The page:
From our consultations, Ghana – who is spearheading the agenda of adopting a framework resolution on financing AU PSOs – has developed a draft resolution to start the negotiation process in the UNSC. It is anticipated that the draft resolution may be circulated sometime in October with the hope to table the resolution for voting in December during Ecuador’s Presidency. Tomorrow’s session thus offers an opportunity for the PSC to provide substantive and concrete guidance on how to proceed with the negotiation particularly on the remaining delicate issues in the coming months.

The renewed interest in and the window of opportunity towards the adoption of the long pending resolution is a result of various developments both at the level of the AU and the UN as well as changes in the peace and security dynamics and the dynamics in the UNSC. The AU Commission prepared what it called ‘African consensus paper on predictable, adequate, and sustainable financing for African Union peace and security activities’, which the AU Assembly considered and adopted in February 2023 at its 36th ordinary session. This Consensus Paper not only presented the advances that the AU made in strengthening its various institutional, normative and regulatory processes but it also clarified AU’s position on burden sharing.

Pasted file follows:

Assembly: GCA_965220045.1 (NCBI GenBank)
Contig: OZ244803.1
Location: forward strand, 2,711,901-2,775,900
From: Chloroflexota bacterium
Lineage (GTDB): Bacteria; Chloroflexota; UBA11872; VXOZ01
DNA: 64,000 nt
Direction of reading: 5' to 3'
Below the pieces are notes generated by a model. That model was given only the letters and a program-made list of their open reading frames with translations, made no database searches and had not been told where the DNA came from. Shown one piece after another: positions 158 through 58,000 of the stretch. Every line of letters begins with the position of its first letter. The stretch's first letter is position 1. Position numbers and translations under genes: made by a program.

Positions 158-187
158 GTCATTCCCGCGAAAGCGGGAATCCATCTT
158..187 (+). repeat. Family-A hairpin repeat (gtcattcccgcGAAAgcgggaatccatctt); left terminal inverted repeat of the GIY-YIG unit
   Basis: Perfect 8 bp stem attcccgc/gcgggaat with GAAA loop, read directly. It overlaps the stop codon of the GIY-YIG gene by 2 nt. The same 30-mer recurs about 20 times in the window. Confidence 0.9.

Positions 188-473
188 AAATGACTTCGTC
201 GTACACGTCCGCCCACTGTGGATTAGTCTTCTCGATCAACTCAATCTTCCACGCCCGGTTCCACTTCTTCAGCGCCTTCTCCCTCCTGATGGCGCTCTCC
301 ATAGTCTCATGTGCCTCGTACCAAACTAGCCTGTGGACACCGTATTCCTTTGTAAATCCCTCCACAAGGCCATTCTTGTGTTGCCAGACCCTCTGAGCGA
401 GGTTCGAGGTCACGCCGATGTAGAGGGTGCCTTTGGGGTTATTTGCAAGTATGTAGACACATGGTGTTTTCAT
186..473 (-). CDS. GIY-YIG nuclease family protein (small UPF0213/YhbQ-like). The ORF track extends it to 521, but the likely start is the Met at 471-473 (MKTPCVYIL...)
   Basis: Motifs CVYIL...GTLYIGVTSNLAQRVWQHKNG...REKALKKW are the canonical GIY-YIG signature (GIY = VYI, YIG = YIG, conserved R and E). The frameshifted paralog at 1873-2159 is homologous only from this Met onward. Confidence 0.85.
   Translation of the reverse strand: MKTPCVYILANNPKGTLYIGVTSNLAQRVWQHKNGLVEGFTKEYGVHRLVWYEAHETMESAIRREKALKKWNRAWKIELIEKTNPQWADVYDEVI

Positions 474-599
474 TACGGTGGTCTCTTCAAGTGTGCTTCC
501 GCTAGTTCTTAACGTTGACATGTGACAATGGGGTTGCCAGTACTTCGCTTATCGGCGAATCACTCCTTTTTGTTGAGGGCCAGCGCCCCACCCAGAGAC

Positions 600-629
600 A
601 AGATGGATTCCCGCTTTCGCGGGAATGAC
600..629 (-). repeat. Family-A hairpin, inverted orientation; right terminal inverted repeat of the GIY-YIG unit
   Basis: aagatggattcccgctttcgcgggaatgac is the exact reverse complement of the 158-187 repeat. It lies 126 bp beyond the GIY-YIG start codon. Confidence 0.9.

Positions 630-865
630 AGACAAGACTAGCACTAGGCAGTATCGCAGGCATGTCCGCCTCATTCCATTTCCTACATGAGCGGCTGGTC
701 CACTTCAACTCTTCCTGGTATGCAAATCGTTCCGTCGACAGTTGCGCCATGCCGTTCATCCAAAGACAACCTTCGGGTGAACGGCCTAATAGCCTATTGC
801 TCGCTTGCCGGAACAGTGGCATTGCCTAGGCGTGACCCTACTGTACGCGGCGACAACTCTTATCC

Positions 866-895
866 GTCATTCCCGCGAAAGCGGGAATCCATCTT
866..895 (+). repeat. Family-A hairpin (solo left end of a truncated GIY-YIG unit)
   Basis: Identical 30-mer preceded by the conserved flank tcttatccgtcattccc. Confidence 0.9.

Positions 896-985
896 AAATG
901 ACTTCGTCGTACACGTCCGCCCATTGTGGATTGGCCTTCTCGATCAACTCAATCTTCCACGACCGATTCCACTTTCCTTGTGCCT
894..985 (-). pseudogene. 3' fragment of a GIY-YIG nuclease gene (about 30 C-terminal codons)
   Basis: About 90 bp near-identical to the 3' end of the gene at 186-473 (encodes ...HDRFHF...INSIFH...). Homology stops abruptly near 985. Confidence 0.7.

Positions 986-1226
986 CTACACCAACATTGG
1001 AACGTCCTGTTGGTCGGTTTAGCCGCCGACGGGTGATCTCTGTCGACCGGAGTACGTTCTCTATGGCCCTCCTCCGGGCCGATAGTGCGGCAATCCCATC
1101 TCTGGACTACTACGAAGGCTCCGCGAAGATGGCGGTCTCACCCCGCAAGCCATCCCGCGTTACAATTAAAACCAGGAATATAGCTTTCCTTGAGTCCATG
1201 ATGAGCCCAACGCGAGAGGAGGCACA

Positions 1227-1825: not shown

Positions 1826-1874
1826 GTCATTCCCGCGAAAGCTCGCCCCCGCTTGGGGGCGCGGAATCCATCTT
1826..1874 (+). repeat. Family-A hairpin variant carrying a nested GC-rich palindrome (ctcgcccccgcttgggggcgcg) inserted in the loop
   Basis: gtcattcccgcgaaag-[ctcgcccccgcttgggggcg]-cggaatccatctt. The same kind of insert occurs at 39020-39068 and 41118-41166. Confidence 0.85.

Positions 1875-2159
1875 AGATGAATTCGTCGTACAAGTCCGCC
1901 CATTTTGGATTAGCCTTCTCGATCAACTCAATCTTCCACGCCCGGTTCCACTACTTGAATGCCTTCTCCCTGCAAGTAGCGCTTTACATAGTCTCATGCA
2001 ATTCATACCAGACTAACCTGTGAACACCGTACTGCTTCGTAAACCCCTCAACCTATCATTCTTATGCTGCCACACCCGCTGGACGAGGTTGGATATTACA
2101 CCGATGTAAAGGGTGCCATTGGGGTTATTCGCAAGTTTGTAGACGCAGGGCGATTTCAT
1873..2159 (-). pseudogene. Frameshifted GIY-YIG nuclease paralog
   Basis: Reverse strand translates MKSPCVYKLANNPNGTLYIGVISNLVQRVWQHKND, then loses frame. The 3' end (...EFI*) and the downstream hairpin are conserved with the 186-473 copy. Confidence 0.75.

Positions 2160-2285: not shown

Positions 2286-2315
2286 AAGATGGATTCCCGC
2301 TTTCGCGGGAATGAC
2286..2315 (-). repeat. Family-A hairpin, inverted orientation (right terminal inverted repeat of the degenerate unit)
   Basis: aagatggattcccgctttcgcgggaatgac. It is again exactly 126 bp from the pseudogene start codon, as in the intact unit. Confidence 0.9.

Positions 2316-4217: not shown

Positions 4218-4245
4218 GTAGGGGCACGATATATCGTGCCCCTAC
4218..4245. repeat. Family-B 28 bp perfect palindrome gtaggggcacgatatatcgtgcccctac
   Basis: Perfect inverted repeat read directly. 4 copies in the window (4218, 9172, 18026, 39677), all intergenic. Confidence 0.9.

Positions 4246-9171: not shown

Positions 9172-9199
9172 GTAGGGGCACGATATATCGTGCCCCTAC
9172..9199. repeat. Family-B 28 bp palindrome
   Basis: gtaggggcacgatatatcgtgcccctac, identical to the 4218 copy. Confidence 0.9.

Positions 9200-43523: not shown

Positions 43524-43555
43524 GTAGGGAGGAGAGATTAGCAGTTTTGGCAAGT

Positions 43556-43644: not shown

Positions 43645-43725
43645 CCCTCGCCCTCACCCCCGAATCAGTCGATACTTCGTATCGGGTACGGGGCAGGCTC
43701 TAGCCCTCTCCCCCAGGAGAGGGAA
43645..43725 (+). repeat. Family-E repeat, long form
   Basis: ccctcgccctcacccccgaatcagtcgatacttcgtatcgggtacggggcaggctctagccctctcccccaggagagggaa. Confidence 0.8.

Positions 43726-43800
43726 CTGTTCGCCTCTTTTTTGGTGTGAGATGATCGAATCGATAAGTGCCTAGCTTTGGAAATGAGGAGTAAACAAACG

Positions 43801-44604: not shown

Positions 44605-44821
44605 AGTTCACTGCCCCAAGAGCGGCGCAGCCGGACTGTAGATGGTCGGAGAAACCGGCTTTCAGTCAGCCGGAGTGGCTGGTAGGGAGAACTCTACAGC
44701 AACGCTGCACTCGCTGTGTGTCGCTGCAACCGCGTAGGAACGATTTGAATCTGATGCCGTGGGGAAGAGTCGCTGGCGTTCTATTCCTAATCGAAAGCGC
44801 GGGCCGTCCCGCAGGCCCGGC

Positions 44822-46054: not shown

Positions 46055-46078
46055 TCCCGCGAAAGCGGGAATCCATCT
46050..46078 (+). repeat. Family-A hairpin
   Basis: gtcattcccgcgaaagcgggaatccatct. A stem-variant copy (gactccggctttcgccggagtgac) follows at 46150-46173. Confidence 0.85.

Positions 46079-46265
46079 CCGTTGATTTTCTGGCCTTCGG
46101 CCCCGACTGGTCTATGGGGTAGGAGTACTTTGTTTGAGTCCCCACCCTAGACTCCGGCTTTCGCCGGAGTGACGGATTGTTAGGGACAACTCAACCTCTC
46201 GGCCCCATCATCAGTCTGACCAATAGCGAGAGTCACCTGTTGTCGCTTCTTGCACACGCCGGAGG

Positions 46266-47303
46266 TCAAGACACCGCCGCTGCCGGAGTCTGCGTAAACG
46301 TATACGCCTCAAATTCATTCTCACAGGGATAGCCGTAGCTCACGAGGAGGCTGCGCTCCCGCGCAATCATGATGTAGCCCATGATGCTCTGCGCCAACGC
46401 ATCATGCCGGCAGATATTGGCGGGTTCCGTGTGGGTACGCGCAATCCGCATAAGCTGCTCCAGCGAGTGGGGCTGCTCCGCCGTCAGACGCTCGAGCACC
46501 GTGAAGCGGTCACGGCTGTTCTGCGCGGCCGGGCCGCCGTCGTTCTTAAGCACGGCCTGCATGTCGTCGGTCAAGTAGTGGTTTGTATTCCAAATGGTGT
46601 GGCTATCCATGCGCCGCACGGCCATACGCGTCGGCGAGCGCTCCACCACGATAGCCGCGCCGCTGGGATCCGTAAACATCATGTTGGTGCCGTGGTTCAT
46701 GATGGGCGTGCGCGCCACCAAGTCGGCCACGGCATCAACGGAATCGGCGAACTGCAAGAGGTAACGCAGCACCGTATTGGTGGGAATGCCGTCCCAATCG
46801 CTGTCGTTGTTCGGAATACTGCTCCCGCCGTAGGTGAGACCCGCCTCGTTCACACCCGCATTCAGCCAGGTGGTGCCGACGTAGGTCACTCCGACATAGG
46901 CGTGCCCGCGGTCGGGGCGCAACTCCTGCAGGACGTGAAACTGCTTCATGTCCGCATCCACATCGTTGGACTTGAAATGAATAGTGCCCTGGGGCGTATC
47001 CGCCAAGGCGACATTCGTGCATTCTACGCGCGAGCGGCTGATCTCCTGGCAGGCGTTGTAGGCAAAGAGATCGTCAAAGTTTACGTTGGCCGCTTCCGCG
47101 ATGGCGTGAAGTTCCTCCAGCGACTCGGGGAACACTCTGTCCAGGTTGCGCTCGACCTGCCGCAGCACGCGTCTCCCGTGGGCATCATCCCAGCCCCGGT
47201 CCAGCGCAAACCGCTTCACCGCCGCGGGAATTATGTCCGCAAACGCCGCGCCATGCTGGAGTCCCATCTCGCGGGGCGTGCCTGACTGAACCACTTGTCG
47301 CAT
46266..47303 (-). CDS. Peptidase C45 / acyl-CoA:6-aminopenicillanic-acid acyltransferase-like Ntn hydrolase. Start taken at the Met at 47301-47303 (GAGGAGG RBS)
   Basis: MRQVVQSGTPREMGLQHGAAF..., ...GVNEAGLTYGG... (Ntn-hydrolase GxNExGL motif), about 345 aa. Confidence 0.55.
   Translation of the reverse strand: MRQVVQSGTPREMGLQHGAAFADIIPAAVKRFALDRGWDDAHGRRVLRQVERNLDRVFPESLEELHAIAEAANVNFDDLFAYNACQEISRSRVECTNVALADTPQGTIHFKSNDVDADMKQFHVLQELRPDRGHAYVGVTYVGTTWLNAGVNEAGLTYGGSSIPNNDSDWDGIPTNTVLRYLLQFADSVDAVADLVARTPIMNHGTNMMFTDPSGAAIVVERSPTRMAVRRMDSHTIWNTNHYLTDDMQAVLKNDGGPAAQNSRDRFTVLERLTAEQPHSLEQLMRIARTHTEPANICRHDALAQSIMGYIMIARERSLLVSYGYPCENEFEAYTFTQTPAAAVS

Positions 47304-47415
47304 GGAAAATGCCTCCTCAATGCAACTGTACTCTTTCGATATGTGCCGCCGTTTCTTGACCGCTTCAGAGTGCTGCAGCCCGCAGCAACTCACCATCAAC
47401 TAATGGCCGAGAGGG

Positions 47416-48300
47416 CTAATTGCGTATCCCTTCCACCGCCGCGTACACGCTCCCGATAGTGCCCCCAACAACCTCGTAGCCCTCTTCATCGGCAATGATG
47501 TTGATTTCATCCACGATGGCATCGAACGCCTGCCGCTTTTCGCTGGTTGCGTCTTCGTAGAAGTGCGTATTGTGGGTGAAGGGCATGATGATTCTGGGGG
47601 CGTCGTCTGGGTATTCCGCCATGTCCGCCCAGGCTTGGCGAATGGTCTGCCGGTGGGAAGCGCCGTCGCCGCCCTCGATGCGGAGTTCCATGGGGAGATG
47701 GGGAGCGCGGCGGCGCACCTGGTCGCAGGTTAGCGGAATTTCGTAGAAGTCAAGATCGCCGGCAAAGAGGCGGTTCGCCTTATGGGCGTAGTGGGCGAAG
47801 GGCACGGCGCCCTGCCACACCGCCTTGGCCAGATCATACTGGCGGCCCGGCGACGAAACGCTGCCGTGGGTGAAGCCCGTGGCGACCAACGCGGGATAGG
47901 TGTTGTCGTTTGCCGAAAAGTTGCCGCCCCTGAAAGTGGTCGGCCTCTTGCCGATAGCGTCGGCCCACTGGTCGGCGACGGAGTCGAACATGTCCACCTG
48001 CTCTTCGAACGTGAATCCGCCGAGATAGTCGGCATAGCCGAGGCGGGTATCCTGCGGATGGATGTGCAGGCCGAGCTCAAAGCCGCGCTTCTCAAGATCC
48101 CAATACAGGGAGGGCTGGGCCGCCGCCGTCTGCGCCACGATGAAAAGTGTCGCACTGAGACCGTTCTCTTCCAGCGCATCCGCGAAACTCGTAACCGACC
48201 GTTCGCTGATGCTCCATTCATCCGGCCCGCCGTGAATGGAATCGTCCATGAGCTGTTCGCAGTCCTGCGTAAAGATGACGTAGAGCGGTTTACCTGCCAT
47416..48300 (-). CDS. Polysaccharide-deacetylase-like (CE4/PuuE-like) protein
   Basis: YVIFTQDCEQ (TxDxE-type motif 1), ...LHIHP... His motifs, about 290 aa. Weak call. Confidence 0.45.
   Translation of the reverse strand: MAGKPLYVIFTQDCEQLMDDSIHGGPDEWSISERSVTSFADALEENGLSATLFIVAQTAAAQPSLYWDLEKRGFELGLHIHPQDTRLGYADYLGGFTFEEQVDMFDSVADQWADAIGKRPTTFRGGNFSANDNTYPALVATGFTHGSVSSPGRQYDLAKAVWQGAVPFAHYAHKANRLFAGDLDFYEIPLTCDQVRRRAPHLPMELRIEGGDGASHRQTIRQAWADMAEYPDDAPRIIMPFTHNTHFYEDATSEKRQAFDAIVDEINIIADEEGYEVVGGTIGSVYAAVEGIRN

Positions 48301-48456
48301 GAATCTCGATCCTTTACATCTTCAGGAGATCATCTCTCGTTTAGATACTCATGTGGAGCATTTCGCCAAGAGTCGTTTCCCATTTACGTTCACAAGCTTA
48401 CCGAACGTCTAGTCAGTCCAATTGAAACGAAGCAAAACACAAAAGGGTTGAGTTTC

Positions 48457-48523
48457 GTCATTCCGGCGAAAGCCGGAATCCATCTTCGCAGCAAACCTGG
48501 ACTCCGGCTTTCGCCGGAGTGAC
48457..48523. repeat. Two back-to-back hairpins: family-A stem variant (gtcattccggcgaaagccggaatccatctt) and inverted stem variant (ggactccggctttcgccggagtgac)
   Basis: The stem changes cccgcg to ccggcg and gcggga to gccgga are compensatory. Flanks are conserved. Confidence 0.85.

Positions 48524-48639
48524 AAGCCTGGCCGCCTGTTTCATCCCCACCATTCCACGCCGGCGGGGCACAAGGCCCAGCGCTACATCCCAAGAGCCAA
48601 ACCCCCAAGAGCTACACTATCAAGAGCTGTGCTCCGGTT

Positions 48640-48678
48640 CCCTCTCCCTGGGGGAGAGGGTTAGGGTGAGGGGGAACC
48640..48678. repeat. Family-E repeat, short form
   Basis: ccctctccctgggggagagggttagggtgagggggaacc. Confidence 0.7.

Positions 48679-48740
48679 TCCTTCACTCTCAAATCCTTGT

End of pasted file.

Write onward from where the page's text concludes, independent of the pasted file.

On the part of the UN, following the presidential statement of August 2022 under Chinese presidency of the UNSC which requested UN Secretary-General to provide the Security Council, by 30 April 2023, a report on progress made by the UN and the AU to fulfil the commitments set out in resolutions 2320 and 2378, and recommendations to secure predictable, sustainable and flexible resources, the Secretary-General released the report on 1 May and presented to the UNSC during its 25 May 2023 session. The dynamics within the UNSC today is more favorable for the adoption of a resolution on financing than it was before as the statements delivered by UNSC members during the 25 May briefing clearly attest. Considering that a major factor for the collapse of the process for the adoption of a resolution in December 2018 was a US threat to veto the resolution, a notable positive development is US’s statement expressing more positive and supportive stance towards the adoption of the resolution.